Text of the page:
The Paradise Affair: A Carpenter and Quincannon Mystery (Carpenter and Quincannon, 9)
In some literary circles, describing a novel as “light reading” can be taken as a slur. Not so with this one. It’s a full, multidimensional novel crafted with a light but deft hand, providing an entertaining and thoughtful read without having to work hard.
The Paradise Affair is book 9 in the historical mystery series about Sabina Carpenter and John Quincannon, professional detectives. Each book is called The [Something] Affair, and in this one the paradise of title refers to the Hawaiian Islands.
At the time of the series, late 1890s, Hawaii was in the process of being annexed by the United States, and continental Americans still considered it a foreign land. But it was rapidly developing as a tourist, commercial, and naval center—which comes as a surprise to Quincannon, who finds himself needing to go there to nab two high-dollar swindlers he’s been dogging for weeks.
Why they would sail to a not-yet-wealthy outpost in the middle of the Pacific Ocean? Normally their victims, including Quincannon’s client, were rich Californians within range of Quincannon’s and Carpenter’s San Francisco base. The con men had gotten away with the stock certificates, bearer bonds, and cash they stole from Quincannon’s client. And “the one thing above all others that Quincannon could not abide was failure.”
So he boards the next steamer bound for Hawaii and continues his chase.
Sabina—his agency partner for years and now his wife of six months—finagles a reason to accompany him, so they can append a second honeymoon to the business trip. Once settled in Honolulu at a guest house provided by friends, she intends to enjoy the pleasures of paradise while her husband pursues his quarries between islands in the Hawaiian chain. Instead, she ends up with her own case right next door.
Thus the story is divided into segments featuring Quincannon’s adventures and frustrations in closing his case, which proves to be a whodunit on top of capturing thieves; Sabina’s involvement in solving a locked-room mystery; and their combined interactions with each other and the remaining characters.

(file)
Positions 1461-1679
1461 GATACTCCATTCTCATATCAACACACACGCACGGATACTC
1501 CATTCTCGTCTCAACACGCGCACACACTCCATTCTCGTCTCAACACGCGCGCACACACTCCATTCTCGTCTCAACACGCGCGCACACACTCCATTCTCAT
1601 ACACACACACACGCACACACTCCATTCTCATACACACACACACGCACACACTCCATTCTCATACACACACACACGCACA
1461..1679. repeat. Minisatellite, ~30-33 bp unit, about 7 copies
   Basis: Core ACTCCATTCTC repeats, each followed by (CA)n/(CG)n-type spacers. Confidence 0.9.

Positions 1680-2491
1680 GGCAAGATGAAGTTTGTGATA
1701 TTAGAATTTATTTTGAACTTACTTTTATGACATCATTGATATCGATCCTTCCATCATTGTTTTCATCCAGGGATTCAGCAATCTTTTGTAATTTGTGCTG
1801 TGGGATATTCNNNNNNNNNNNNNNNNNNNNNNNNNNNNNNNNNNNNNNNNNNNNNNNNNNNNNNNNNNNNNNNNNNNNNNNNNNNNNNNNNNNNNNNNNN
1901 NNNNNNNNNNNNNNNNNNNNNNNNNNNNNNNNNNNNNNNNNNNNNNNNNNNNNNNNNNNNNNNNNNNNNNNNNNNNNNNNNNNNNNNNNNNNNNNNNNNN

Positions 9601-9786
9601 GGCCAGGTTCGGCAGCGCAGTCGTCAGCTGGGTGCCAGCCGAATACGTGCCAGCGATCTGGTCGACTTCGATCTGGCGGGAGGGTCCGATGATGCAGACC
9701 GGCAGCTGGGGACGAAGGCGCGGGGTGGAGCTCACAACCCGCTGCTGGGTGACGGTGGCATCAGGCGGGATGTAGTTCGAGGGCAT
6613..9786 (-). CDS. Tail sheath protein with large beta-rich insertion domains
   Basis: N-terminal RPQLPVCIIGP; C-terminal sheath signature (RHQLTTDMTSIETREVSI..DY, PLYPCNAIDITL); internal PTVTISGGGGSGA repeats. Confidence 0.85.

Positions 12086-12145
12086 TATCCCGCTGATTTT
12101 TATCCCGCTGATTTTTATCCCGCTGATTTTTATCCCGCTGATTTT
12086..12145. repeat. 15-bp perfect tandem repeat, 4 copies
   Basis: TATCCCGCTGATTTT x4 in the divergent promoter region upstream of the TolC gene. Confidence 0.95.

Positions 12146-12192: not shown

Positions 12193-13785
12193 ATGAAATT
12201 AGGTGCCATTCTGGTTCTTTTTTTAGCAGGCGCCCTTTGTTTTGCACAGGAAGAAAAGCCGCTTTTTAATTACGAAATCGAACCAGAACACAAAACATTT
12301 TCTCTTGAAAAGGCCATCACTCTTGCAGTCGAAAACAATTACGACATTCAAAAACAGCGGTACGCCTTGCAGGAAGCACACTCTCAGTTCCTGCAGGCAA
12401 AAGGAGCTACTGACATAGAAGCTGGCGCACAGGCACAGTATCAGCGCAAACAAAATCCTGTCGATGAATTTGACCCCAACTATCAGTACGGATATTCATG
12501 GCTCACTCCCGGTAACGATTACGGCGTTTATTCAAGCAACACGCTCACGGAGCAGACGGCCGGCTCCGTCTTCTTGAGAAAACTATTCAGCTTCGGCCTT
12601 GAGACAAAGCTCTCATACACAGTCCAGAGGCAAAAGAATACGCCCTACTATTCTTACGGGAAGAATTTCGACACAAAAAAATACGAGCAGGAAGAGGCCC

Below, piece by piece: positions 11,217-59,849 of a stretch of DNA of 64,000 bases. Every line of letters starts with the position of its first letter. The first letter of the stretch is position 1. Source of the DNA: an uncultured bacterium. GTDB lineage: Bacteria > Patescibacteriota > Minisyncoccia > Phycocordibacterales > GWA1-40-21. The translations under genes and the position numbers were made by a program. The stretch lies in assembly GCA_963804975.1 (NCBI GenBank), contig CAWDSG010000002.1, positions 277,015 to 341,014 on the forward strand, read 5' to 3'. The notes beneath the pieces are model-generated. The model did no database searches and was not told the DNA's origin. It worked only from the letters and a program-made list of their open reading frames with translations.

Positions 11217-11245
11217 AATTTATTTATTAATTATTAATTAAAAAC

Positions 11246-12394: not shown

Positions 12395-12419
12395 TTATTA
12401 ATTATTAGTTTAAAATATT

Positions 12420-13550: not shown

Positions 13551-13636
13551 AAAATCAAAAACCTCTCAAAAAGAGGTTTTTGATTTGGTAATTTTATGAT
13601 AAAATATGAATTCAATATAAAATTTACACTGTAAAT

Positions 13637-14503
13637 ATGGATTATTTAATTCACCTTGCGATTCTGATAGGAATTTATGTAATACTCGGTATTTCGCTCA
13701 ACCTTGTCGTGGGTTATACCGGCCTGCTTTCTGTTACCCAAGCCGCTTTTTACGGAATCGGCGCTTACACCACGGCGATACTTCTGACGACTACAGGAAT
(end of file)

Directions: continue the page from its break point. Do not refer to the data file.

Each substory treats readers to details of time and place through brief evocations and vocabulary in use at the time (such as “lucifers” for “matches” and “equipage” for a horse-drawn carriage and its attendants), along with references to events of the day, such as the Spanish-American War. These give the book an authentic feel and help broaden reader knowledge about the era.
As well, the characters are simply but clearly drawn and have enough quirks to remain individual and believable without needing deep description.
A refreshing twist compared to most tales set in Hawaii is presentation of the weather. Tropical paradise isn’t always paradisiacal. In this book we learn about Kona weather: “The kona winds are actually blown-out typhoons that have come up across the equator. They bring heavy rainstorms” and other violent conditions. “The Polynesians believed them to be ‘sick winds,’ that kona weather is ‘dying weather.’”
Enough people die in this story to make one think about the relationship between climate and fate.
Kona weather comes around two to three times a year and can last for over a week. It includes debilitating heat and humidity between storms. Quincannon and Carpenter arrive in Hawaii during one of these weather episodes, which interferes with their travel, their business, and their vacation. So much for paradise!
Readers who happen to know something about early Hawaiian culture will likely guess the profit motive for the swindlers Quincannon is after, but for those unfamiliar (including the main characters) it will likely come as a surprise. Sabina’s locked-room mystery is about 50/50 for ease of guess-ability. Clues are steadily provided in both cases, but with dual plots in progress, conveyed through switching viewpoints, it isn’t always easy to follow them.
Yet it’s not mind-bendingly hard, either. This slim novel is not meant to be the most challenging puzzle possible, aimed at confounding readers. Instead it’s a little of this and a little of that, neatly melded together to give us a likeable detective team, an interesting period, a pair of intellectual-poser plots, and a setting most of us will never see but may be curious about. The prose style is swift from spareness and careful craft, versus breathless page-turning style.
Best of all, the book can be read as a stand-alone. It does not rely on the previous eight volumes to give readers what they need for a complete story. That makes it a good entry point for a new series or reader, especially because if it suits reader taste, there’s a huge body of work by an award-winning Grand Master of mystery to explore.